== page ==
Samuel H. Sternberg, PhD
2020 Nathan Kaufman Timely Topics Lecture
Dr. Sternberg runs a research laboratory at Columbia University, where he is an assistant professor in the Department of Biochemistry and Molecular Biophysics. He is a protein-RNA biochemist and internationally recognized expert on CRISPR technology.
Sam received his BA in Biochemistry from Columbia University in 2007, graduating summa cum laude, and his PhD in Chemistry from the University of California, Berkeley in 2014. He earned graduate student fellowships from the National Science Foundation and the Department of Defense, and he was awarded the Scaringe Award from the RNA Society and the Harold Weintraub Graduate Student Award from the Fred Hutchinson Cancer Research Center.
Sam’s doctoral research in the laboratory of Dr. Jennifer Doudna focused on the biology of CRISPR-Cas systems and the development of these systems for genome engineering. His work has been published in the journals Nature, Science, and Cell, and been covered in The New York Times, Science News, The Scientist, and various other news outlets.
His laboratory is continuing research into the functions and applications of CRISPR–Cas, and more broadly, strives to expand our understanding of the ways in which noncoding RNAs work together with effector proteins to manipulate genetic information and maintain genomic integrity.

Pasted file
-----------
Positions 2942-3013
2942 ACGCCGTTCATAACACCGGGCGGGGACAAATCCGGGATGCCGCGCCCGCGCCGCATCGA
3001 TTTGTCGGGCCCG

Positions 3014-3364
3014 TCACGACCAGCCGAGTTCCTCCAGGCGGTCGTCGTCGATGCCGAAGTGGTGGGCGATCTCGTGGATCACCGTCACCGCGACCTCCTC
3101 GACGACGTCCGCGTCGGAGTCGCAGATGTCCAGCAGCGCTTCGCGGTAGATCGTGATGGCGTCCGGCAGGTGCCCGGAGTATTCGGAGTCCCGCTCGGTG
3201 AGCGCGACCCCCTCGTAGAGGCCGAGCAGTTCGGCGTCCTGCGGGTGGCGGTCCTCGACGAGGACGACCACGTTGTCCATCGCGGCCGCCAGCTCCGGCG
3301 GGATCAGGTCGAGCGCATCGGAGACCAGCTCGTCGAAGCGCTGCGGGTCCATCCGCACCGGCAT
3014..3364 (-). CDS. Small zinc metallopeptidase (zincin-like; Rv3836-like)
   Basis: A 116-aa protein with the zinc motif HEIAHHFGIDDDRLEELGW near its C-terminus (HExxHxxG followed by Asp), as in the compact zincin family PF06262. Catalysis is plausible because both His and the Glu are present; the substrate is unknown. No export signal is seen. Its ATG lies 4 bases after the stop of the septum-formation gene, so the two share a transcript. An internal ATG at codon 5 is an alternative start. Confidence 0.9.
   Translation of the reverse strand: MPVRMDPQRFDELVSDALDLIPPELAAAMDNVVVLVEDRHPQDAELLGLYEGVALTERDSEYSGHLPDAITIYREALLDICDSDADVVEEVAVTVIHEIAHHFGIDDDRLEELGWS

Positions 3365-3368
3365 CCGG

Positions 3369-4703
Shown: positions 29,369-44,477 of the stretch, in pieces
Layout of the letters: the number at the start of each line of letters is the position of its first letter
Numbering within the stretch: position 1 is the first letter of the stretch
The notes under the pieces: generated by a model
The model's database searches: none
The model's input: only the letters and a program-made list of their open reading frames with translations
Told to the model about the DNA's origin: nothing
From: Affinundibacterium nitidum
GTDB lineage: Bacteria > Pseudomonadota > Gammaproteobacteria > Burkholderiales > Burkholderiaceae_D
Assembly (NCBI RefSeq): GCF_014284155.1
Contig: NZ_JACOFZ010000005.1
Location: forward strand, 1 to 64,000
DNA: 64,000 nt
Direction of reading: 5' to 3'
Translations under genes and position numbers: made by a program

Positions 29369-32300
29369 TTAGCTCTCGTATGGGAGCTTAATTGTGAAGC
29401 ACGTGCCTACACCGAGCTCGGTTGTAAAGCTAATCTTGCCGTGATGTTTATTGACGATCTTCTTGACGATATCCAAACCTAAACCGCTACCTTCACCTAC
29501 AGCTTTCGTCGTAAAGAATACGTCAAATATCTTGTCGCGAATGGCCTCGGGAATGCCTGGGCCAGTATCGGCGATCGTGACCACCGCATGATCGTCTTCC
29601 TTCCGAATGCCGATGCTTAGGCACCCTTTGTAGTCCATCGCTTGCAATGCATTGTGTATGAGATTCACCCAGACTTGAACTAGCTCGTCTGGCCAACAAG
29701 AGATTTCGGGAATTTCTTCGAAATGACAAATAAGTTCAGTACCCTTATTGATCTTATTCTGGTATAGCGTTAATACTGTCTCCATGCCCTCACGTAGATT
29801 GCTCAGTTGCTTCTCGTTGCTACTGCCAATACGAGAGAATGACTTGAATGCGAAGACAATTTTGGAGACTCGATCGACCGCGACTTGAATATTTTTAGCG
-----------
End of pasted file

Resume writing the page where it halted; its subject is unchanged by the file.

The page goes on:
In addition to publishing his research in leading journals and speaking internationally, Sam remains actively involved in public outreach and ongoing discussions on the ethical issues surrounding genome editing. Together with Jennifer Doudna, Sam co-authored a popular science trade book about the discovery, development, and applications of CRISPR gene editing technology, which was published in June 2017. Titled A Crack in Creation: Gene Editing and the Unthinkable Power to Control Evolution, their book received enthusiastic reviews from The Wall Street Journal and The Guardian, among other outlets. The book was a finalist for the Los Angeles Times Book Prize, and The New York Review of Books called it “required reading for every concerned citizen.”